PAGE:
US stocks rise ahead of Fed decision and after Putin steps up war footing


By Frances Yue and Jamie Chisholm

U.S. stock indexes rose on Wednesday, ahead of another sharp interest rate hike expected by the Federal Reserve and after Russian President Vladimir Putin escalated his war on Ukraine.

How Stock Indices Trade

On Tuesday, the Dow Jones Industrial Average fell 313 points, or 1.01%, to 30706, the S&P 500 fell 44 points, or 1.13%, to 3856, and the Nasdaq Composite fell 110 points, or 0.95%, to 11425.

What drives the markets?

US stocks traded higher despite traders expressing nervousness over tighter monetary policy and heightened geopolitical tensions in Europe.

“It is proving very difficult for equity markets to move forward this week with large official rate hikes in prospect,” wrote Ian Williams, strategist at Peel Hunt.

The Federal Reserve is expected to raise its key interest rate by 75 basis points to a target rate of 3.0% to 3.25% when it makes its decision at 2 p.m. ET. The central bank quickly raised borrowing costs from near zero earlier in the year as it struggles to tackle inflation which is currently at 8.3%, near multi-decade highs.

“All eyes will be on the Federal Reserve’s latest inflation-fighting measure today, as spiraling prices continue to cause financial hardship for consumers and businesses… There are fears inflation will becomes dangerously entrenched in the economy, threatening financial stability,” wrote Susannah Streeter, senior investment and market analyst at Hargreaves Lansdown.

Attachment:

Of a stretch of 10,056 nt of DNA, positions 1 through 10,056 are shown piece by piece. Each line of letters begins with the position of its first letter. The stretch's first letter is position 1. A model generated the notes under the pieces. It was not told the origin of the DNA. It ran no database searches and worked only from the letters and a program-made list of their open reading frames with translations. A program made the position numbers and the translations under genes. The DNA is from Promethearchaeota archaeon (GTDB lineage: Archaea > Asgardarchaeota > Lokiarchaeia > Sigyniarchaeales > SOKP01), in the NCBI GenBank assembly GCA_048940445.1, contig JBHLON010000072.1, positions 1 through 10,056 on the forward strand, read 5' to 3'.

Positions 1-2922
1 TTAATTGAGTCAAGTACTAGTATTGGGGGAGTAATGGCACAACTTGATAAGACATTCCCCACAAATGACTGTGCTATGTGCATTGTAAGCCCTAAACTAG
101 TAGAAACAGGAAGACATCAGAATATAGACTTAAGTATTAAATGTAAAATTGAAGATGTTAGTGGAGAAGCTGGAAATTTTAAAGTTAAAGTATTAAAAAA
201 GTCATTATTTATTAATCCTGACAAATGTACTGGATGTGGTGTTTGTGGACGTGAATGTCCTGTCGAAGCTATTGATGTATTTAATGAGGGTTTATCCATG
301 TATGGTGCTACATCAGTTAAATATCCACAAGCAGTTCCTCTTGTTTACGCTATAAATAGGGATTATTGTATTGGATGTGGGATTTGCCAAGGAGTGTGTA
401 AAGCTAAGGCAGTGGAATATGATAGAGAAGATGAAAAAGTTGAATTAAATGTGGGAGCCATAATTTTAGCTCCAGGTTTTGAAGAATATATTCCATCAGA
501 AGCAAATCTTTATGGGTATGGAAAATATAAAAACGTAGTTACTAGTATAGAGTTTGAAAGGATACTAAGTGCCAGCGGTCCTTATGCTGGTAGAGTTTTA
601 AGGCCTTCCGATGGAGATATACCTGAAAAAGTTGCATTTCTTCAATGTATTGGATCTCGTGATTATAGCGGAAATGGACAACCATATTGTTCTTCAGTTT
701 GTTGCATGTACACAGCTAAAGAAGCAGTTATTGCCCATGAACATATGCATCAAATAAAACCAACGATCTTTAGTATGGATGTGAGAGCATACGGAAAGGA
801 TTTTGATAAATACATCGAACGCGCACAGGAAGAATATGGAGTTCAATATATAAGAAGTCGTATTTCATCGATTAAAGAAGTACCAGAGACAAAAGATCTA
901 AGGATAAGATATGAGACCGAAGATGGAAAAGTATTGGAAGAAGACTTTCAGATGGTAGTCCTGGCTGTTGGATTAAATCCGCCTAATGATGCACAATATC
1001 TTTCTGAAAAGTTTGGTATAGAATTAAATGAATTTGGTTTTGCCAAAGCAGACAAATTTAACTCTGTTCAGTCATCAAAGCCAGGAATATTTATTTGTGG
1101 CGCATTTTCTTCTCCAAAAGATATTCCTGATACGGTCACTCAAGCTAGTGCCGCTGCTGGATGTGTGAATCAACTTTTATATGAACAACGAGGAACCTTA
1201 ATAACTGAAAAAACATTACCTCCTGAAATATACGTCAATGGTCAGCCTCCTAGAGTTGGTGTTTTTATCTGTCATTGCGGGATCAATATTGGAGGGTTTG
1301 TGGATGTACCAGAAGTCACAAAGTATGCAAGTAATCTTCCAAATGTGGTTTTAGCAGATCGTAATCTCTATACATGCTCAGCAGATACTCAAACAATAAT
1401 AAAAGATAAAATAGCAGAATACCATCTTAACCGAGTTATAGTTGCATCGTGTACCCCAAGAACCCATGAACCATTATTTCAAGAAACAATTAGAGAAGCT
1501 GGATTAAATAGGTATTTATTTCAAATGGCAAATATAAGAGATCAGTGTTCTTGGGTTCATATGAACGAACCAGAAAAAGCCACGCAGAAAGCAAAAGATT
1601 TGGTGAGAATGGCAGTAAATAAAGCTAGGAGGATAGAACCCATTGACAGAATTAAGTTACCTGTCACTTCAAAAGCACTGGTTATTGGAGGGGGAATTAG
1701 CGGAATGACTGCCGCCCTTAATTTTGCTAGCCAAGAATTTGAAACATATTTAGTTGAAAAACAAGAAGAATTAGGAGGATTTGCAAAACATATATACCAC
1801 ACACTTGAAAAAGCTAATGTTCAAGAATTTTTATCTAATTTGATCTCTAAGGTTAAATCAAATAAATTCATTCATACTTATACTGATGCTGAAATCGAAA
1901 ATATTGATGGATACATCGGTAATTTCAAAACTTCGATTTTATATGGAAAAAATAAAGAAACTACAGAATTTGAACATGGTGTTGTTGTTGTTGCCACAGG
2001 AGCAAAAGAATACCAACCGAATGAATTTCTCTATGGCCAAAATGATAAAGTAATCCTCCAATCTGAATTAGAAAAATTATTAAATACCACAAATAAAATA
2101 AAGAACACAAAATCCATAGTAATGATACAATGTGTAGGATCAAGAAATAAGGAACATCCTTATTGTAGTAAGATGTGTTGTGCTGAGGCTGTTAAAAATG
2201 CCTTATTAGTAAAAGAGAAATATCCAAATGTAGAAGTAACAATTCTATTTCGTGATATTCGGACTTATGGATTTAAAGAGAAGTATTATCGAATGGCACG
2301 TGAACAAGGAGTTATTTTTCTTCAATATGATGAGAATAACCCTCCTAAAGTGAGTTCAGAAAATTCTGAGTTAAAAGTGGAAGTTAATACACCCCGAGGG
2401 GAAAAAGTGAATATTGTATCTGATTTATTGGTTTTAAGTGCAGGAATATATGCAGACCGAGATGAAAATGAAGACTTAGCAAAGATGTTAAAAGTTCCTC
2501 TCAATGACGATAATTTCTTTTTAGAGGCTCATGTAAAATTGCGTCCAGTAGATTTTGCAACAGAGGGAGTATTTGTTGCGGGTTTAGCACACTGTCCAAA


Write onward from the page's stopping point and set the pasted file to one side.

The sharp rise in interest rates in recent months – and the prospect of more to come – has triggered a massive bond sell-off and pushed benchmark public yields to 11-year highs, a move that weighs additional pressure on equities, partly because it makes fixed income assets relatively more attractive. The S&P 500 index is down 18.6% so far in 2022.

The Fed’s expected move comes after Sweden’s central bank announced a more hawkish-than-expected rate hike of 100 basis points on Tuesday and ahead of an expected rate hike from the Bank of England on Thursday.

“Central banks are showing greater resolve to fight inflation and are increasingly willing to sacrifice growth to get there,” said Nathan Sheets, chief global economist at Citi.

Jim Cramer argued in a Tweet that if Fed Chairman Jay Powell only maintained his previously hawkish tone, the market could rally.

Yet suppressing sentiment on Wednesday was news that Russian President Vladimir Putin had called for a partial military mobilization of the country to continue his attack on Ukraine. The announcement, which included threats against the West, raised fears of a further escalation in the conflict.

Energy prices fell, with U.S. WTI crude futures down 0.7% at $83.83 a barrel and ICE Dutch TTF natural gas futures, the continent’s benchmark , down 1.16% to 192 euros per megawatt hour. The euro fell 0.6% to $0.9906, pushing the dollar index back near its 20-year high.

In U.S. economic data, sales of existing homes in the country fell 0.4% in August to 4.8 million, the lowest level since May 2020, the National Association of Realtors said Wednesday.

-Frances Yue

Companies in the spotlight


(END) Dow Jones Newswire

09-21-22 1024ET

Copyright (c) 2022 Dow Jones & Company, Inc.


Comments are closed.